What Inspires Bill Gates?

Inspiration is one vital ingredient frequently missing from our work and, indeed, from our lives. Master inspiration—and you’ll never have to worry about motivating anyone, including yourself.

We all know what should inspire us: selfless service, world peace, and customer satisfaction. But what actually does? Where do people who seem to have inspiration in spades get their fix?

Since I’ve been writing a lot about Steve Jobs lately (here and here), it’s only fair that I dedicate a post to his archrival. Bill Gates spent seven years and $63 million to build his dream home in Medina, Washington. Clearly, he was going for something more than a warm meal and a roof over his head. He designed the place to feed his soul, as well as those of future generations of Gateses.

So, what inspires Bill Gates?


Gates seems to have a soft spot for roaring-twenties industrialist types who have accumulated massive wealth in one lifetime. He named his house Xanadu 2.0, after the extravagant residence of a newspaper tycoon from Orson Welles’ Citizen Kane. Another fictional tycoon, The Great Gatsby, is quoted on the ceiling of Gates’ library.


As in electricity. The Gates’ mansion is a gigantic computer wired to read and process every guest’s preferences, down to the choice of music and wall art. It took 100 electricians—among a total of 300 construction workers—to complete the project. 1


In 1994, Gates paid $30.8 million for the Codex Leicester, a scientific notebook Leonardo da Vinci kept in the early 1500s. The manuscript in Leonardo’s mysterious mirror handwriting is now on display inside Gates’ home library.

An Inspirational Quote

The library takes up 2,100 square feet of Gates’ 66,000 square-foot home. Its ceiling is a dome with a motto inscribed around the base. The inscription is a sentence from the final page of The Great Gatsby, one of Gates’ favorite novels. (He owns four rare copies of the book.) It reads:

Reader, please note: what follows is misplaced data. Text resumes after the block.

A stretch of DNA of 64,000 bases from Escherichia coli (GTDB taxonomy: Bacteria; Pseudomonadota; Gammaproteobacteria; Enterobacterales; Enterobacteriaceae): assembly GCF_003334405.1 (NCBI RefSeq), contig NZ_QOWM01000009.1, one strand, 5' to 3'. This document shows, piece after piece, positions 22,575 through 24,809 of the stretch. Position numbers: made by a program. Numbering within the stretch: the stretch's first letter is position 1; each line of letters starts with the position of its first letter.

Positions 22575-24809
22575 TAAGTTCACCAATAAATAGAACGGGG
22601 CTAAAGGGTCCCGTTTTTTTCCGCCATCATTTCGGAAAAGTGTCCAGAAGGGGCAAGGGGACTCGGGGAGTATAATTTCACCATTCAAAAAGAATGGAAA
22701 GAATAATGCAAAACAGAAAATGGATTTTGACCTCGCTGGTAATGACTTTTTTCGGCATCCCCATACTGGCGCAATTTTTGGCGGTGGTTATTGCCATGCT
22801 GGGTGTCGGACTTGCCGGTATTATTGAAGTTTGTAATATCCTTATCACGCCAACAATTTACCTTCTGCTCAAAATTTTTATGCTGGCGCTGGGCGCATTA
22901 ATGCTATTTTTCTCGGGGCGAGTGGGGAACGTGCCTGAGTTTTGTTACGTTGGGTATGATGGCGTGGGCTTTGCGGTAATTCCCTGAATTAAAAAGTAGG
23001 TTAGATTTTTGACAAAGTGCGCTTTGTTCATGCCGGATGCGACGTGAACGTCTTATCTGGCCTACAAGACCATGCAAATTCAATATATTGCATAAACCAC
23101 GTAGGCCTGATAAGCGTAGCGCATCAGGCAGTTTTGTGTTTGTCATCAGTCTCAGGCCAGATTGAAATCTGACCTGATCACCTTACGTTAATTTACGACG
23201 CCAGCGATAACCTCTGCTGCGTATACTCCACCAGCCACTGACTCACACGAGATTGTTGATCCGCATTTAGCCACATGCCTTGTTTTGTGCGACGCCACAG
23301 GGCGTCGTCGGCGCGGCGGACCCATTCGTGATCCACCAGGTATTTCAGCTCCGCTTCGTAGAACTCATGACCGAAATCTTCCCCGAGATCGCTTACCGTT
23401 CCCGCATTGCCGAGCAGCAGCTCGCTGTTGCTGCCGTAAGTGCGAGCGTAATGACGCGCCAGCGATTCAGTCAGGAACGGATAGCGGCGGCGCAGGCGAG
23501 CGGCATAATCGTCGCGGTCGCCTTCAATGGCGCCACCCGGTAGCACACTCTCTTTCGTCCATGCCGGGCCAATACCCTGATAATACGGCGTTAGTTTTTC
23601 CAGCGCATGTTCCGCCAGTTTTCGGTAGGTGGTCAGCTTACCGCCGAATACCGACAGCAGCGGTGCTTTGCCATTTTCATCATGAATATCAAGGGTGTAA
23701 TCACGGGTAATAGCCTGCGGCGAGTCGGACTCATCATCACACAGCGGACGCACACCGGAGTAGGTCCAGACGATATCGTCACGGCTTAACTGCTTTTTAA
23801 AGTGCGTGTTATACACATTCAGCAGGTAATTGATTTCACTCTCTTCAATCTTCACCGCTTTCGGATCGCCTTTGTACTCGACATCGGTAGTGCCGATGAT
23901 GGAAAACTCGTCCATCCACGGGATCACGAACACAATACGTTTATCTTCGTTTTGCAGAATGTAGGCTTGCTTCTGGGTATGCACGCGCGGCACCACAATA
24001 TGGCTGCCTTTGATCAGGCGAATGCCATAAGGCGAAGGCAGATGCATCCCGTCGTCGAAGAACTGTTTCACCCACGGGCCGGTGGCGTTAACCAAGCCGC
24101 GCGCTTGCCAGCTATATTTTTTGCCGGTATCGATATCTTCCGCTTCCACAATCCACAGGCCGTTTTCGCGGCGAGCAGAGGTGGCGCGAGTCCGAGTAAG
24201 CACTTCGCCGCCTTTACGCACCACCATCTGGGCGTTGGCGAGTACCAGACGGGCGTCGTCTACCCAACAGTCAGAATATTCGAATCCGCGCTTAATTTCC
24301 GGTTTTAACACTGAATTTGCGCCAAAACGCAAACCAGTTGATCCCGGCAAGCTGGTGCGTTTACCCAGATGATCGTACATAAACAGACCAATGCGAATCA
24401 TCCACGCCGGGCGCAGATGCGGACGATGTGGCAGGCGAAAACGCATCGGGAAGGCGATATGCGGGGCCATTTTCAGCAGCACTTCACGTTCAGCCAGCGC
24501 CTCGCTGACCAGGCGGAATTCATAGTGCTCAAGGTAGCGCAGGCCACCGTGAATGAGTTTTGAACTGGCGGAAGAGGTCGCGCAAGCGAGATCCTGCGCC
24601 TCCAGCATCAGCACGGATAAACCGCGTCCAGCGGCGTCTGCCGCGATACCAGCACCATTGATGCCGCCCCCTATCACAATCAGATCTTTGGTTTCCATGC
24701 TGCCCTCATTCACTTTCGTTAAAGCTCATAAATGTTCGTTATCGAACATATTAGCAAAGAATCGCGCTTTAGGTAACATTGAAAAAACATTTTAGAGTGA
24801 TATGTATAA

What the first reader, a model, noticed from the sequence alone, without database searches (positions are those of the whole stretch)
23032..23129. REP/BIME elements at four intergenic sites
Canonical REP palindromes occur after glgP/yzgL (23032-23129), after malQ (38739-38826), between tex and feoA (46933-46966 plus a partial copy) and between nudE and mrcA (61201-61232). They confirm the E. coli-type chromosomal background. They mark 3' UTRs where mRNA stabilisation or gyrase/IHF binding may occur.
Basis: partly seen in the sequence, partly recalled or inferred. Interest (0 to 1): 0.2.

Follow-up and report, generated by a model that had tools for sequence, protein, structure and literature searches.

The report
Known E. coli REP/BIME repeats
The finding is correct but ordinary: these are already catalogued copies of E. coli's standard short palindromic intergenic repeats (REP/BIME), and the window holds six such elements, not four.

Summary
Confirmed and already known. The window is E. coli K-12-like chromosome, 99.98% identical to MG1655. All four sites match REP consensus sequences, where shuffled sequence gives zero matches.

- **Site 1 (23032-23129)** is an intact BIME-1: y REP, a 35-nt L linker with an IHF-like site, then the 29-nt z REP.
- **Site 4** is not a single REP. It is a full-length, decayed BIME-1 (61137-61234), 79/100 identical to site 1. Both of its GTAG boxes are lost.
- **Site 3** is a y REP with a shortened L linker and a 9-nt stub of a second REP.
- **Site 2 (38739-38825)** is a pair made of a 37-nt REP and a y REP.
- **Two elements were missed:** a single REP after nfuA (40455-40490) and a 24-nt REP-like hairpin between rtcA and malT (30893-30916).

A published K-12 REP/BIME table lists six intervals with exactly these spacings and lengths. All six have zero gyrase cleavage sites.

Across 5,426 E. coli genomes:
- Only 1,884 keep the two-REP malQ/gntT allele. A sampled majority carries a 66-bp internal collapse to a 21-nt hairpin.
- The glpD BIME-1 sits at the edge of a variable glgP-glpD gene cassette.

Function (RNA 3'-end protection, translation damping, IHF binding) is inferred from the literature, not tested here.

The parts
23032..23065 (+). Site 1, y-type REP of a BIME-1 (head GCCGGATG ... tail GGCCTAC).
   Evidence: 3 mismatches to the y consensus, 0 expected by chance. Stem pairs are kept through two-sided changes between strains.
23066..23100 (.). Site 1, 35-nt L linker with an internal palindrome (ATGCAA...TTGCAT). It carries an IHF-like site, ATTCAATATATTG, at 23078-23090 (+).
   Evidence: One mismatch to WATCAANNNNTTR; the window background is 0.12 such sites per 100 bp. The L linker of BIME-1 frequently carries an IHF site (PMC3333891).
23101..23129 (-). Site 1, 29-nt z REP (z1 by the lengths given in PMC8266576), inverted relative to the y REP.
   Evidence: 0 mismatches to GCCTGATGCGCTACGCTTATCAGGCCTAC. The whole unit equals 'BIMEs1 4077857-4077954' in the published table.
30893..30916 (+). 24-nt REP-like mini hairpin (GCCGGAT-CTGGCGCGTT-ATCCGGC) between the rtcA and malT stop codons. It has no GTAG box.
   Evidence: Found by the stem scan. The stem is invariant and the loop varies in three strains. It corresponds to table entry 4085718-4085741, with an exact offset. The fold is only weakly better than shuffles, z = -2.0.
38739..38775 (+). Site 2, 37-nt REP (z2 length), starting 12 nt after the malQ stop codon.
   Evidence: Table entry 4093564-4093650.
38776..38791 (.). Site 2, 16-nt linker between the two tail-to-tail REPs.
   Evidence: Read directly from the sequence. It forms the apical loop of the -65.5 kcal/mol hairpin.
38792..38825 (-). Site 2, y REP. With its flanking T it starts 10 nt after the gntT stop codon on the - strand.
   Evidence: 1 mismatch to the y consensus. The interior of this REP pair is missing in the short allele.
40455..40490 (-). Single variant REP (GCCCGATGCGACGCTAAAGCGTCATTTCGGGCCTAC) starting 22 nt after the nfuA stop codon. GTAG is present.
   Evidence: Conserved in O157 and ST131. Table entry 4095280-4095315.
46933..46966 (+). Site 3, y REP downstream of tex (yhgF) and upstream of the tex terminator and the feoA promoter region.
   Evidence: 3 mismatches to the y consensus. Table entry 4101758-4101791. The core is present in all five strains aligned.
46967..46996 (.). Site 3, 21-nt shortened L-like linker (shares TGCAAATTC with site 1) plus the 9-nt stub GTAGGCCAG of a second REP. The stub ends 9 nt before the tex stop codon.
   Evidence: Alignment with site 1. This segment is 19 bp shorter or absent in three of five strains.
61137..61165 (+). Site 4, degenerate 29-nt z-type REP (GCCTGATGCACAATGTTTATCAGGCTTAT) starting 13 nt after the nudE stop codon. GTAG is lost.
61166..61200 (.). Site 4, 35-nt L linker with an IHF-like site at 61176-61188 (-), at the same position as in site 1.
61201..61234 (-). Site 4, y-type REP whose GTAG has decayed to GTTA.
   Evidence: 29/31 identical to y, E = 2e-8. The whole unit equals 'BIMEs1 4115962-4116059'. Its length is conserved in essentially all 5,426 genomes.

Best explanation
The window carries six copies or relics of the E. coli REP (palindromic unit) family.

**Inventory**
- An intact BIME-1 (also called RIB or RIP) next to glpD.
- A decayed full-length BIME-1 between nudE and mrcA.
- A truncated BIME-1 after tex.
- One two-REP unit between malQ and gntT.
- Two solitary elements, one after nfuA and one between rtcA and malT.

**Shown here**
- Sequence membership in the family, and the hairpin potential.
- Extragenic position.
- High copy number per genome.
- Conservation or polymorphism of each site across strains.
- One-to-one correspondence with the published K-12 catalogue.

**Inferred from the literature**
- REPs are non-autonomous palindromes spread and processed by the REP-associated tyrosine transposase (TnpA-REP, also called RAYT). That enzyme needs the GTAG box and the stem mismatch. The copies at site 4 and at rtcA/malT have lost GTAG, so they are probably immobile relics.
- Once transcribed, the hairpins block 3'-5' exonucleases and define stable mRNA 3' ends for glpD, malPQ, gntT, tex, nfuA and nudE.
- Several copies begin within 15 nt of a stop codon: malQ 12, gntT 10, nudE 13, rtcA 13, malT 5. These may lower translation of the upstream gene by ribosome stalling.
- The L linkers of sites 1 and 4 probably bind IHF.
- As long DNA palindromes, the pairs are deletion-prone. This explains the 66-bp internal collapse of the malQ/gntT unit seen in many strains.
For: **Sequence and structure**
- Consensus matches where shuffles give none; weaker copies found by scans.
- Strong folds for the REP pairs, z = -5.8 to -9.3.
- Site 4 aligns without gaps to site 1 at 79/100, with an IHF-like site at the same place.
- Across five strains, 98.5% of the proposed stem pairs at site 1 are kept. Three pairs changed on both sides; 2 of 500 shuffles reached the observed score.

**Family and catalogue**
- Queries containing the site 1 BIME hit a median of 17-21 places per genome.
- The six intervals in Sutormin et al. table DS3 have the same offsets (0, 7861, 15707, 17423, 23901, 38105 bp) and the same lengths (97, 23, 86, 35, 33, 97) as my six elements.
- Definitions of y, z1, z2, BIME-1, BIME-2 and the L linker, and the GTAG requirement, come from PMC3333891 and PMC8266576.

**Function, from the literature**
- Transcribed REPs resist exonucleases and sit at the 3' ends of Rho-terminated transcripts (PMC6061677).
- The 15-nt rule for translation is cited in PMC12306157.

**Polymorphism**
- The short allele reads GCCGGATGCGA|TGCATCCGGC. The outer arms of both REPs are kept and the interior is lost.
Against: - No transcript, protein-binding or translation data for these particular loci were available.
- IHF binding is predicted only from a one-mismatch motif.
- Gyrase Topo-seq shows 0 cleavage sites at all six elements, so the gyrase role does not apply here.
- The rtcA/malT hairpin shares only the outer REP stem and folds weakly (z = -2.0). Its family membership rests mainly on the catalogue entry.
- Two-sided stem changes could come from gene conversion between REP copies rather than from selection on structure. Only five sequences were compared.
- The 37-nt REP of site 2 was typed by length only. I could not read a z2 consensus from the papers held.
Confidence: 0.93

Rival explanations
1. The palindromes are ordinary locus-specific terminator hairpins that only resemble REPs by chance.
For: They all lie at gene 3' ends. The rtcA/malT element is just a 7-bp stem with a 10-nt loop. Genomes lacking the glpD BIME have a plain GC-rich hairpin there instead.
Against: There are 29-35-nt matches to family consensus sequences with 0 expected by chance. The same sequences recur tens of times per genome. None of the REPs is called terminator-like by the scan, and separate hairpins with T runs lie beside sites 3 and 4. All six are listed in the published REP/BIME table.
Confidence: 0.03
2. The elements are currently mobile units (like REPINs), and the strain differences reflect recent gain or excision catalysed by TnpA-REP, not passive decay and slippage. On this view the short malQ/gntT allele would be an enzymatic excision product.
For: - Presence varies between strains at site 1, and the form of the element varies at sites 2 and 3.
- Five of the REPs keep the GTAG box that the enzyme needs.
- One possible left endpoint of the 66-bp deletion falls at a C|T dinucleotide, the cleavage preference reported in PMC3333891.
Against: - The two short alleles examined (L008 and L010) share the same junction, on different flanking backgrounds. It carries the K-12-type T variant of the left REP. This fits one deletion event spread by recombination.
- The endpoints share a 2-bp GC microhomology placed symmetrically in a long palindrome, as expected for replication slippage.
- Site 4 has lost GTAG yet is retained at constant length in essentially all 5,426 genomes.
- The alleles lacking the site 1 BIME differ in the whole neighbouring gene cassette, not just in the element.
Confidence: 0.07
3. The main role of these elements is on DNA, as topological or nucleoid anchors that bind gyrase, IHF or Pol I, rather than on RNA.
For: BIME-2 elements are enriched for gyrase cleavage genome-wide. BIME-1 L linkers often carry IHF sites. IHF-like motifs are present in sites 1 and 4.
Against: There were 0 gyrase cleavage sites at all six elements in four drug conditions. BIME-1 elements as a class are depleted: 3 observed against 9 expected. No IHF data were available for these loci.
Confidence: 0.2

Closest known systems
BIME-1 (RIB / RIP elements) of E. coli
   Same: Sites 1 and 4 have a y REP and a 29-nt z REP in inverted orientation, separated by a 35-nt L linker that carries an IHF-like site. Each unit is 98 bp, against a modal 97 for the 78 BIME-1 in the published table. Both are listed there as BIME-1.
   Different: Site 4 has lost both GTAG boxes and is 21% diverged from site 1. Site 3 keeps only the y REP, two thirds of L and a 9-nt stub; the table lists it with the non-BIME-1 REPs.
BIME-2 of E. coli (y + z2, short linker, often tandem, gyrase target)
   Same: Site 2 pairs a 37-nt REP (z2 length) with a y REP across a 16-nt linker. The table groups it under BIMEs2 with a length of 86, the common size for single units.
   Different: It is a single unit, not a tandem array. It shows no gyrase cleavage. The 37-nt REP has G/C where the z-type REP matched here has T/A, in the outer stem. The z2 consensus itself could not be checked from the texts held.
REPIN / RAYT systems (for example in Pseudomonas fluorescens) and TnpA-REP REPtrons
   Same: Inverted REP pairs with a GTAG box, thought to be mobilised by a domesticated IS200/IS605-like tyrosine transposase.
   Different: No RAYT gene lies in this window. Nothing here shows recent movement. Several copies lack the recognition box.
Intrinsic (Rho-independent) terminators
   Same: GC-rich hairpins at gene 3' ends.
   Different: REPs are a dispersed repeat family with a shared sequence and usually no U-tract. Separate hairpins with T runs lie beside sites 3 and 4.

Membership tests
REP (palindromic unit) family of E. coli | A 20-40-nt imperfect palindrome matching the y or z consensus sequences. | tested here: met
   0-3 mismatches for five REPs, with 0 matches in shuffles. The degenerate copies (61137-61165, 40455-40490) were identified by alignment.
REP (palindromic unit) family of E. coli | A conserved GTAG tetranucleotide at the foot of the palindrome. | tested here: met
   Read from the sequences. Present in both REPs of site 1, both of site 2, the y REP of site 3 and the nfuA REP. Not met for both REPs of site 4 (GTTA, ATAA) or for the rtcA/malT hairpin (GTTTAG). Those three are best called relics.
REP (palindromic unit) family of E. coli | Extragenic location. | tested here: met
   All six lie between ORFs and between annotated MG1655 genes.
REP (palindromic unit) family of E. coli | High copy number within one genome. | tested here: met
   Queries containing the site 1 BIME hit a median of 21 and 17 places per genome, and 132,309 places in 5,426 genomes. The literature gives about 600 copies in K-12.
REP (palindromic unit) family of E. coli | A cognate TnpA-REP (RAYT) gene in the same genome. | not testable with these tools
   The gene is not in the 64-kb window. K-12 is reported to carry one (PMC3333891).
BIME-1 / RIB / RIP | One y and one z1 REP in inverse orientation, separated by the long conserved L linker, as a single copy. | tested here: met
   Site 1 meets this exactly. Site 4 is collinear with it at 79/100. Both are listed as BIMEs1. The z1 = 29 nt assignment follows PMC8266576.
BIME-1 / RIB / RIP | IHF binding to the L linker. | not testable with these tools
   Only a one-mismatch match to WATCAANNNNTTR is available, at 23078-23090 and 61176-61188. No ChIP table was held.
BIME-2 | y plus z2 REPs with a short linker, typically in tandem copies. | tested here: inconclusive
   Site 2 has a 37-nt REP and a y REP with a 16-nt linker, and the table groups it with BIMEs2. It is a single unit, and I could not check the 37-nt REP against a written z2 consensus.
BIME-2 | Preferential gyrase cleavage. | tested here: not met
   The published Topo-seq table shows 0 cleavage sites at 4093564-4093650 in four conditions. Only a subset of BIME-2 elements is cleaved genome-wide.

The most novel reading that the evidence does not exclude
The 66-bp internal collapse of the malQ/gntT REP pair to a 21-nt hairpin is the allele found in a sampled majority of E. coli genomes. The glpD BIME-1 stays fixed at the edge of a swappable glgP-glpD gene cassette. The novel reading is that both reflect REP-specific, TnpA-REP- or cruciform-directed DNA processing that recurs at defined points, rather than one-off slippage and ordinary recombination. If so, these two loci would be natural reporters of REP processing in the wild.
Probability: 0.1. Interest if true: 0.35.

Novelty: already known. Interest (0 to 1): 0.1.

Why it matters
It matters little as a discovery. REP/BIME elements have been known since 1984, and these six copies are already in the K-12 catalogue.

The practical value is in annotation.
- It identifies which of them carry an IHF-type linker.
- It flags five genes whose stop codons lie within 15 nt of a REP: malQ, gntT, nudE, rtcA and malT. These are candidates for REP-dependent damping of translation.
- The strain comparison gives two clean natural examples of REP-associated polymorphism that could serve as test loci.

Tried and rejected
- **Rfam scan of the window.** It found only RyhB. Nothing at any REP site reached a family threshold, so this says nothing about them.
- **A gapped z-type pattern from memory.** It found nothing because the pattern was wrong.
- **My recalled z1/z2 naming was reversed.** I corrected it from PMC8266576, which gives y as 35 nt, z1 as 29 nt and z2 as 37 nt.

“He had come a long way to this blue lawn, and his dream must have seemed so close that he could hardly fail to grasp it.” 2

A Tree

Gates has a favorite tree, a 40-year-old maple that grows on the property. Like friends and family, the tree is hooked up to a computer which provides for its needs 24 hours a day. If it becomes too dry, the system automatically waters it.

A Trampoline

Among the mansion’s fitness facilities, an indoor trampoline stands out. The trampoline has its own room with a 20-foot ceiling.

What else?

As much as it’s a testament to the couple’s personal tastes, the Gates’ home is also a tool for selling digital home technology to the world. And, apparently, so is The Road Ahead, the book Bill Gates wrote while his house was taking shape:

“…First thing, as you come in, you’ll be presented with an electronic pin to clip to your clothes. This pin will connect you to the electronic services of the house… The electronic pin you wear will tell the house who and where you are, and the house will use this information to try to meet and even anticipate your needs — all as unobtrusively as possible.” (Bill Gates, The Road Ahead)

In the book, he takes a stab at inspiring readers with his particular version of the future: